Why LPGA ANA Inspiration Winners Jump in the Lake

Winners of this LPGA major leap into water by 18th green

female golfer and her caddie jumping in a lake
Karrie Webb and her caddie make the "Champion's Leap" following Webb's victory at the 2006 Kraft Nabisco Championship. (Lisa Blumenfeld/Getty Images)

The winner of the LPGA's ANA Inspiration (formerly known as the Kraft Nabisco Championship) traditionally jumps into the water by the 18th hole after wrapping up the win. Why?

Because it's fun!

And because it's a long-running tradition at the LPGA major, played on the Dinah Shore Tournament Course at Mission Hills Country Club in Rancho Mirage, Calif. That final green is surrounded by water.

The First Jump

Amy Alcott was the first golfer to take the plunge, an act that has come to be known as the "Champion's Leap." The collective group of golfers who've made that jump are known as the "Ladies of the Lake."

Alcott won the ANA Inspiration - then called the Nabisco Dinah Shore - the second time in 1988, and that's the year she took a running leap, jumping off the bank and into the pond next to the final hole.

Didn't Quite Stick

The celebratory leap didn't immediately catch on, however. The next two winners, Juli Inkster (1989) and Betsy King (1990), didn't jump. But in 1991, Alcott won again (her third victory in this tournament), and this time she convinced tournament host Dinah Shore to make the jump with her.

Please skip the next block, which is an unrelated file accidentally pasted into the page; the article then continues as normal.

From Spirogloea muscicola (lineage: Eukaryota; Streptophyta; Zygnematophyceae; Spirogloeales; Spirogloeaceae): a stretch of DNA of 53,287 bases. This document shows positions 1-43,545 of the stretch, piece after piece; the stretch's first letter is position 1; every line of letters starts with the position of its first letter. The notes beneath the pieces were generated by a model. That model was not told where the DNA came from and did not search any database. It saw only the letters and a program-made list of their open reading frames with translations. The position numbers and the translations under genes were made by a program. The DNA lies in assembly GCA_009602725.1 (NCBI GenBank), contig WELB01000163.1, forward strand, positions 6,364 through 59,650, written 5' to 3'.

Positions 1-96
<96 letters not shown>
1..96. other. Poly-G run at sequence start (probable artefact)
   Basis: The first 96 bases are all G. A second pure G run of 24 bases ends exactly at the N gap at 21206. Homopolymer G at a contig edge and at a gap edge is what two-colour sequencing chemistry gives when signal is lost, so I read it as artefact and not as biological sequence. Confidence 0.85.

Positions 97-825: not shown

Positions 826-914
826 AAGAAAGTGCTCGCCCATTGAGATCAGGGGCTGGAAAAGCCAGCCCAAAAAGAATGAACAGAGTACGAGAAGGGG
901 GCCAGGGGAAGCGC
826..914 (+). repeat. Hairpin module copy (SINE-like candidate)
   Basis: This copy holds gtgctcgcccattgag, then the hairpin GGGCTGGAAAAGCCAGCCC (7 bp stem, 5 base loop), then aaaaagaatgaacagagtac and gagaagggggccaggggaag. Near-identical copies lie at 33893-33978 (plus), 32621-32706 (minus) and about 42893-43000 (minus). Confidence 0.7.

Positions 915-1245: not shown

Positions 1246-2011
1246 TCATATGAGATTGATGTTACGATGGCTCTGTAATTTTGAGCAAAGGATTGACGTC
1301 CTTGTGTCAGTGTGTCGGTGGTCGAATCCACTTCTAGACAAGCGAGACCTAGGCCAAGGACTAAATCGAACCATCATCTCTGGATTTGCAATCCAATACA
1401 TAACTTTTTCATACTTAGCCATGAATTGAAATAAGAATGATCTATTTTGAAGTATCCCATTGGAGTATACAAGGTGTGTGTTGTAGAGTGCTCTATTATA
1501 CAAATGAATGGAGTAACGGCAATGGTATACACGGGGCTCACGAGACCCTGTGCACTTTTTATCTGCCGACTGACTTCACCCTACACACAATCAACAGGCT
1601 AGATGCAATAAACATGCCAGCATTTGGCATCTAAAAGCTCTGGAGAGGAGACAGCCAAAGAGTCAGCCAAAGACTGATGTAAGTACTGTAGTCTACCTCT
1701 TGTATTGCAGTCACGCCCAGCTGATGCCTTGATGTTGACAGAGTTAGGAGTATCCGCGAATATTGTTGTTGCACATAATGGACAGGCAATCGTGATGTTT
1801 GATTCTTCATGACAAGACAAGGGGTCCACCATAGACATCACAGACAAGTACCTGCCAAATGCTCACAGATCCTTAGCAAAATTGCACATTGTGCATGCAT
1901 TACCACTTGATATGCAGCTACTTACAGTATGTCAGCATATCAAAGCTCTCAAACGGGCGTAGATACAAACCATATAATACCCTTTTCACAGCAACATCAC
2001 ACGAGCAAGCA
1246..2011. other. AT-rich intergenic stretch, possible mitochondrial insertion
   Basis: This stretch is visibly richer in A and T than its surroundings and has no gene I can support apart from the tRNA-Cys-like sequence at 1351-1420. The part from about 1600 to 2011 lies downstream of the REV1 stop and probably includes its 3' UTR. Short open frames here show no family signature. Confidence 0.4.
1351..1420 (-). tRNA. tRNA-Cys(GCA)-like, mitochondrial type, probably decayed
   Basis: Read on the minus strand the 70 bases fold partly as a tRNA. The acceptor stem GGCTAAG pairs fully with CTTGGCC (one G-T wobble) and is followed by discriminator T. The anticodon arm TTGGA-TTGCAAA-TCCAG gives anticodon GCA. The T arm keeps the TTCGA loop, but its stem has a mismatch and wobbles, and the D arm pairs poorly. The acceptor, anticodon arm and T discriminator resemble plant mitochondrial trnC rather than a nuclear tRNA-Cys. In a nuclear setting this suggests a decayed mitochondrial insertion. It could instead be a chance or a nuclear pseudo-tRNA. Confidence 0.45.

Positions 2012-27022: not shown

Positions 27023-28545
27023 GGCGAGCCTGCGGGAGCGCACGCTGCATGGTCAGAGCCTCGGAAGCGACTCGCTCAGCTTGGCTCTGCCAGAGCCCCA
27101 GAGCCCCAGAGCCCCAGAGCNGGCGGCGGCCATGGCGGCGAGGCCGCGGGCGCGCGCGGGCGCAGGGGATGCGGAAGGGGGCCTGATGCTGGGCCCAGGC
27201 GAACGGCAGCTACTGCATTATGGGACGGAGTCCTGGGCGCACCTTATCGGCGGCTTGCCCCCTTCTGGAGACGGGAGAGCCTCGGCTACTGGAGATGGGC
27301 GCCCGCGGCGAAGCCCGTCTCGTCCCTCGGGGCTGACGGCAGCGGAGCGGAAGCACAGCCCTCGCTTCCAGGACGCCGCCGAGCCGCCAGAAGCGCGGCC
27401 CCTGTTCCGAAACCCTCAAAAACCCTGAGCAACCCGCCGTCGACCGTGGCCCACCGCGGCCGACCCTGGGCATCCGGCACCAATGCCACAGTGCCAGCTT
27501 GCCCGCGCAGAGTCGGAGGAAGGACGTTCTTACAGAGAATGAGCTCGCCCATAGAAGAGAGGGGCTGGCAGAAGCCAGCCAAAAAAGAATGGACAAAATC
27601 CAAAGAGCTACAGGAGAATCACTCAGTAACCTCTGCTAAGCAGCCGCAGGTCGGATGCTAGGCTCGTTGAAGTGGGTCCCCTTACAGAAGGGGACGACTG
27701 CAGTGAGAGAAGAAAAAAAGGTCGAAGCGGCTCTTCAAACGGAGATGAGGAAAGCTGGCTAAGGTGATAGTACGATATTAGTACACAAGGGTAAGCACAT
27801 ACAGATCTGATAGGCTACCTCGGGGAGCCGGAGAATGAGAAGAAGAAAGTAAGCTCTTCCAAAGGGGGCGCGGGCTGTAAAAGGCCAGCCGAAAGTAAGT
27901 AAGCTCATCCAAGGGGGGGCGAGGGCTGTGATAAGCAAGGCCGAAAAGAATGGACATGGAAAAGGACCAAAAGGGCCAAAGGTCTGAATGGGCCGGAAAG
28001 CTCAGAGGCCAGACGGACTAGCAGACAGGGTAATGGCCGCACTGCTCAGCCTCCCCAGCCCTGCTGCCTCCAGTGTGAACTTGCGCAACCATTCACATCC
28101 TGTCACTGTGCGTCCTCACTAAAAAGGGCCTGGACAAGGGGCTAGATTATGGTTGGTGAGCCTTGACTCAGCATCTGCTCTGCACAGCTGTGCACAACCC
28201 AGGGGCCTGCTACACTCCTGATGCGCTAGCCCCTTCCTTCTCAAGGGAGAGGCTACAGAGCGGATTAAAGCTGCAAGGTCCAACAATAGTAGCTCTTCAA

Dottie Pepper won the next year, but in a playoff that ended on the 10th hole. And Helen Alfredsson didn't jump in 1993. It wasn't until 1994 that someone other than Alcott took the plunge, and after Donna Andrews did it that year - in honor of Dinah Shore, who had passed away earlier in the year - the Champion's Leap was established.

The Champion's Leap

And every ANA Inspiration winner since then has gotten wet, although not all have actually jumped. When Pat Hurst won in 1998, she only waded into the water - because she can't swim. And Annika Sorenstam, in 2002, only waded into the water because she was holding hands with the young daughter of her caddie, who was a little intimidated by the water.

The winning golfer today always takes others into the water with her - caddies, friends, family.